Myrtle & Myrrh
"... for so were fulfilled the days of their anointing: six months with oil of myrrh and six months with sweet fragrances..." (Megillat Esther, aka Book of Esther, Chapter II, 12)
The story of Purim is dotted with puzzling anecdotes about the royal life that on the surface do not seem to make much sense. One of them being the 12 months beauty treatment that Esther, the heroine of the story, has to go through before being seen before the king. Before being shown before the King Ahasuerus in a “beauty contest” for the crown of the Queen of Persia, the virgin contestants had to undergo an elaborate beauty treatment: Six months of immersion in myrrh was not enough (and some say only served the purpose of purification); it was followed by another six months of perfuming the body with perfumes. And we can only but guess what these might have been. I’d like to think they had rose and saffron in them, two fragrances that are so strongly associated with Persian culture. So the girls had to spend an entire year getting ready for this “date” with the king (or shall we say a one-night-stand?), until he finds the right woman to bear the Persian crown.
As the story goes, the winner of the contest was Hadassah (Hadass is Hebrew of myrtle), a Jewish woman who as per her cousin and guardian Mordecai’s instruction had to hide her identity and heritage. She changed her name to Esther - meaning star in Persian and supposedly referring to the star-shaped myrtle flowers. And because of her virtues of modesty, selfless kindness and devotion to her people - the Jewish people of Persia have survived a possible genocide, and the custom of dressing in disguise in Purim was born.
I think it is particularly interesting that Hadass (myrtle) symbolizes a person who does good deeds but is ignorant. Hadassah (or Queen Esther) used her will and wit to save her people. But she neither chose to be in that position (she was taken to the palace on the king’s order and against her will); and did not know that her people are in danger only until she was asked to come to the rescue. According to Western mystical traditions, associated with the planet of Venus and Aphrodite - the goddess of beauty and love. Myrtle is an evergreen bush and is used to decorate gardens in the near east both for this quality as well as its refreshing and potent aroma.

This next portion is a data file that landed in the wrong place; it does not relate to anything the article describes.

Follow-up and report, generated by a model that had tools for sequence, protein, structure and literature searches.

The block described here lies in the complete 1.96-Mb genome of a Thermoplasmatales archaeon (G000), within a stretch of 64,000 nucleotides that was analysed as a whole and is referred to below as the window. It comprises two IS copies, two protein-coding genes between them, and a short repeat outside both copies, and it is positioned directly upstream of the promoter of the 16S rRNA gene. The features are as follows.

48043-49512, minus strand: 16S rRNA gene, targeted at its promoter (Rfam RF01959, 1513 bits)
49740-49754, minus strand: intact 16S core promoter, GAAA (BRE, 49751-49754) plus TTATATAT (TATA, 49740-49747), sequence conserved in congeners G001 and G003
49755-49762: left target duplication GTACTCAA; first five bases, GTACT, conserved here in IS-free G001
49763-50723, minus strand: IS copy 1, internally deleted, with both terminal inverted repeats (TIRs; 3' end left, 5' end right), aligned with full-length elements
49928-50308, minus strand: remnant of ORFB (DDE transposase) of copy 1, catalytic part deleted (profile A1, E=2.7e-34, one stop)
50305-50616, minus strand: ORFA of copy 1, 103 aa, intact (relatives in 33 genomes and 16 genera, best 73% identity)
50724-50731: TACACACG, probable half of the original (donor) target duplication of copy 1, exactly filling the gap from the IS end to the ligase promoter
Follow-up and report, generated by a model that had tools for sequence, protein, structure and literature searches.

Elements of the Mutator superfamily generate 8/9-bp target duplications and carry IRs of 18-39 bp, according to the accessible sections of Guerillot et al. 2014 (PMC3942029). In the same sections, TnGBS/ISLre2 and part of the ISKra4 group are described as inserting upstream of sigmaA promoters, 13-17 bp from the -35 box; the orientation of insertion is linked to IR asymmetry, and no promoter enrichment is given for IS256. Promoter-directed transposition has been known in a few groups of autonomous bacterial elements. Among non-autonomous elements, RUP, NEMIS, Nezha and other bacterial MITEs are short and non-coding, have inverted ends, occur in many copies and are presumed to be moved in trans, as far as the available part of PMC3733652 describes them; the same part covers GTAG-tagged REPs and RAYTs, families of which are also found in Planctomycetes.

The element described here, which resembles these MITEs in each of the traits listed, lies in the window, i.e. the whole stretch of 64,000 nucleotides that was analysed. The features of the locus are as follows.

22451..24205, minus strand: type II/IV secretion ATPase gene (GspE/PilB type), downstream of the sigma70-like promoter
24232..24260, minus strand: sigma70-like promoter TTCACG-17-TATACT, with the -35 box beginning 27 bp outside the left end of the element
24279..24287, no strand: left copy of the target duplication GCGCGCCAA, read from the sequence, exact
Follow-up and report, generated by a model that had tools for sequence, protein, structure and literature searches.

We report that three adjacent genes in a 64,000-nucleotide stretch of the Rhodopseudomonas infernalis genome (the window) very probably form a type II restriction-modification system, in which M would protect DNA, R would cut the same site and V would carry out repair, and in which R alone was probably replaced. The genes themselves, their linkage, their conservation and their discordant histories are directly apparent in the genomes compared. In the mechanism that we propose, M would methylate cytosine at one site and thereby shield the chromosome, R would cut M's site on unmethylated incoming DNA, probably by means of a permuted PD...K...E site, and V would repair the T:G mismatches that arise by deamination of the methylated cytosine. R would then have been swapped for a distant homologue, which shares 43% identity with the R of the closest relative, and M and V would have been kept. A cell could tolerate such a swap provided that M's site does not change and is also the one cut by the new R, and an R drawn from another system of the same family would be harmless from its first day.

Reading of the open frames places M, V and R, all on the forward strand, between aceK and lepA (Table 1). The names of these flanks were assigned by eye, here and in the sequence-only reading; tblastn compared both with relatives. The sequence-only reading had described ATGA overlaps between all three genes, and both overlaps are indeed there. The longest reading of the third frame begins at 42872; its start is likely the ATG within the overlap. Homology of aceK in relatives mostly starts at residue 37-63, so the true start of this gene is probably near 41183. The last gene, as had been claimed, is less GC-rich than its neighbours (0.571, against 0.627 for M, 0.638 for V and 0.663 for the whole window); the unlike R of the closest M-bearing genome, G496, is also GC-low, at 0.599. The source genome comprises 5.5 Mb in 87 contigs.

In contrary to the myrtle’s freshness, when Hadassah is transformed into her new role as Queen Esther, she undergoes a myrrh-cleansing ritual that has parallels to that of embalming the dead*. The reference to death can be seen as a passage and transformation, or as an ending to that beautiful fresh star-laden plant. In contrary to the fragrant evergreen myrtle leaves, myrrh is a desert tree that when gets hurt produces resin "tears" with a bitter, penetrating aroma ("marr" means "bitter" in Hebrew and is the root for "morr", the Hebrew name of myrrh). In ancient Egypt, myrrh represented the lunar goddess Isis and later on the Western mysteries associated myrrh with receptive, feminine powers, attributed to the planet of Saturn and the element of earth; and in the New Testament, myrrh was one of the three gifts of the Magi to baby Jesus and symbolizes the sacrifice of death that he was to go through later in his life; and was also used to ease Christ's pain on the cross (myrrh is an analgesic), so we see myrrh is repeatedly associated with death and suffering. On the other hand - in ancient Egypt, myrrh was burned in the temple of Rah (the Sun God) at high noon to mark the position of the sun - so the symbolism of myrrh in Queen Esther’s story could mean reaching of the peak of her power, when the sun is shining in all its might.
Perhaps I found the Purim perfume - with myrtle and myrrh. Something to think about for next year when I run out of ideas for a costume, as usual.
* The other two parts of the article Feminist Aspects of Megillat Esther are quite an interesting read if you are familiar with the story. Here are the links to part 1, part 2 and part 3.